y
y
Glassware, tableware and household utensils
y
y
Tools and equipment for house and garden
y
y
Cleaning and maintenance products
y
y
Personal care products
y
y
Other non-durable household products
y
y
Child care
y
y
Hairdressing and personal grooming services
n
n
Other household services
n
n
Pharmaceutical products
y
y
Therapeutic appliances and equipment
n
n
Medical and hospital services
y
y
Dental services
y
y
Motor vehicles
n
n
Spare parts and accessories for motor vehicles
n
n
Automotive fuel
y
y
Maintenance and repair of motor vehicles
n
n
Other services in respect of motor vehicles
y
y
Urban transport fares
y
y
Postal services
n
n
Telecommunication equipment and services
n
n
Audio, visual and computing equipment
n
n
Audio, visual and computing media and services
n
n
Books
y
y
Newspapers, magazines and stationery
y
y
Domestic holiday travel and accommodation
y
y
International holiday travel and accommodation
y
y
Equipment for sports, camping and open-air recreation
n
n
Games, toys and hobbies
y
y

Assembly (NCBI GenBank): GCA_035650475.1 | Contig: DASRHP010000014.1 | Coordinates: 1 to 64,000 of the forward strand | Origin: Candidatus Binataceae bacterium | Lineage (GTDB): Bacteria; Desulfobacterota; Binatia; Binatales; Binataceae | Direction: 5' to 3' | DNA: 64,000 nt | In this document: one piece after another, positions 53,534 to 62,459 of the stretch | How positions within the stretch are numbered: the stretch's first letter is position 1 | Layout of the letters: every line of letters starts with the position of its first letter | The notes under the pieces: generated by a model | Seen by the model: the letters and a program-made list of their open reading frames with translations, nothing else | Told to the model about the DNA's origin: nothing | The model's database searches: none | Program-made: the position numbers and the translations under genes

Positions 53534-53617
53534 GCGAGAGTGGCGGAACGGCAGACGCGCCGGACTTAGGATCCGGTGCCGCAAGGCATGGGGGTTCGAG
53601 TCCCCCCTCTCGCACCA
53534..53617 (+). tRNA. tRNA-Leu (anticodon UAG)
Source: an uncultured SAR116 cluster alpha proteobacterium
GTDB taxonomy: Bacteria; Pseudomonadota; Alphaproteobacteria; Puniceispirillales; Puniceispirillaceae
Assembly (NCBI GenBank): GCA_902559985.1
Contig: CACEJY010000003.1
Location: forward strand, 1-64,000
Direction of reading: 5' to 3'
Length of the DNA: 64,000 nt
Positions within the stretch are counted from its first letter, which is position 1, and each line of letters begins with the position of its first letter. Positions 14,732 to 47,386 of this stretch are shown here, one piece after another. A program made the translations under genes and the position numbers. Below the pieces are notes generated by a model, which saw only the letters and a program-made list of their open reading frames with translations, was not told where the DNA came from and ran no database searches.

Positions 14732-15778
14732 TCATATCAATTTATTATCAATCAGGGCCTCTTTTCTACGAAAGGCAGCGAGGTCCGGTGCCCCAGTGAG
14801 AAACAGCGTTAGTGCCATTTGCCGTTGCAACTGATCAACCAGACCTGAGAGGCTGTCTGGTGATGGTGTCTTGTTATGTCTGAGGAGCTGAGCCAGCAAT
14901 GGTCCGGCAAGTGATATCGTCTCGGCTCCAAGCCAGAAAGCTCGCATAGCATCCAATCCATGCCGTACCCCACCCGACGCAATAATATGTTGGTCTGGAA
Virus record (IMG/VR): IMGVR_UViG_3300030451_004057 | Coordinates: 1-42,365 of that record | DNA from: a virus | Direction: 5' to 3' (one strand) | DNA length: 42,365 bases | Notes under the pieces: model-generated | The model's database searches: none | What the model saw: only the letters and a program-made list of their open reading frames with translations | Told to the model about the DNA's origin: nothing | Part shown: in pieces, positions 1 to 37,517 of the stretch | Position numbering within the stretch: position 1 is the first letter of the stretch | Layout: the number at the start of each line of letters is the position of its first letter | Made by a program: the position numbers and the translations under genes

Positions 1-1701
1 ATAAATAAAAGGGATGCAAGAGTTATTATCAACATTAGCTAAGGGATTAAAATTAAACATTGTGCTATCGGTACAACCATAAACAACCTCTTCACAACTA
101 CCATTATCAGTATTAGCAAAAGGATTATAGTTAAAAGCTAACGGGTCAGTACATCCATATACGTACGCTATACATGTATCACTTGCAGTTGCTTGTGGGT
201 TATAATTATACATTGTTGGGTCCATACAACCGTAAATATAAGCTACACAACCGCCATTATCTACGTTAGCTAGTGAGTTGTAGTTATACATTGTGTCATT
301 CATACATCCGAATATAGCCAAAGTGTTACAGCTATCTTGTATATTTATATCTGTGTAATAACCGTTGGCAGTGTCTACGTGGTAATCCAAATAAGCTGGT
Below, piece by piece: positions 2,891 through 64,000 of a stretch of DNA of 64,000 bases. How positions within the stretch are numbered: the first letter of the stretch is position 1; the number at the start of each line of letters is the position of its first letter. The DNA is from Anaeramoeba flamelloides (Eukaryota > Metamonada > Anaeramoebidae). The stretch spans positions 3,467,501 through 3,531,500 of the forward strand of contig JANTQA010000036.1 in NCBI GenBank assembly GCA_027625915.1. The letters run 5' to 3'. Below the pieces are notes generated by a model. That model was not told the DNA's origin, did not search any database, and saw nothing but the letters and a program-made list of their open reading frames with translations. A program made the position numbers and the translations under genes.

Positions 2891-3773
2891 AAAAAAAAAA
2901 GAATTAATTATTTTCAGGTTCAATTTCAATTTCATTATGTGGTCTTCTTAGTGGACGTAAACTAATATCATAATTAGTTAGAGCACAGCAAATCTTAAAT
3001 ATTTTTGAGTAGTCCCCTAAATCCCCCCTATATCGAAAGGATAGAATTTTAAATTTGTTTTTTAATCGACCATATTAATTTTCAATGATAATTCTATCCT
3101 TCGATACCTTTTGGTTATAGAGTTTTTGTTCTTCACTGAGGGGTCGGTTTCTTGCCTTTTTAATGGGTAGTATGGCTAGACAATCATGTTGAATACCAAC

Pets and related products
y
y
Veterinary and other services for pets
y
y
Sports participation
y
y
Other recreational, sporting and cultural services
y
y
Preschool and primary education
y
y
Secondary education
y
y
Tertiary education
y
y
Insurance
y
y
Deposit and loan facilities (direct charges)
n
n
Other financial services
n
n

(a) See paragraph 8 for dates from when seasonal adjustment ceased.


8 The following series have ceased being seasonally adjusted, with no clear identifiable seasonal pattern in recent years:
  • Footwear for men from the March quarter 2007;
  • Milk from the March quarter 2010;
  • Poultry from the June quarter 2009; and
  • Wine from the March quarter 2009.

9 The following series have had adjustments introduced due to changes in trend:
  • Electricity from the September quarter 2012;
  • Gas and other household fuels from the September quarter 2012;
  • Maintenance and repair of motor vehicles from the June quarter 2012;
  • Medical and hospital services from the September quarter 2012; and
  • Water and sewerage from the September quarter 2012.

10 The following series has had adjustments introduced due to changes in seasonal pattern:
  • Water and sewerage from the September quarter 2011.

11 Changes to the seasonally adjusted series do not affect the original CPI index series.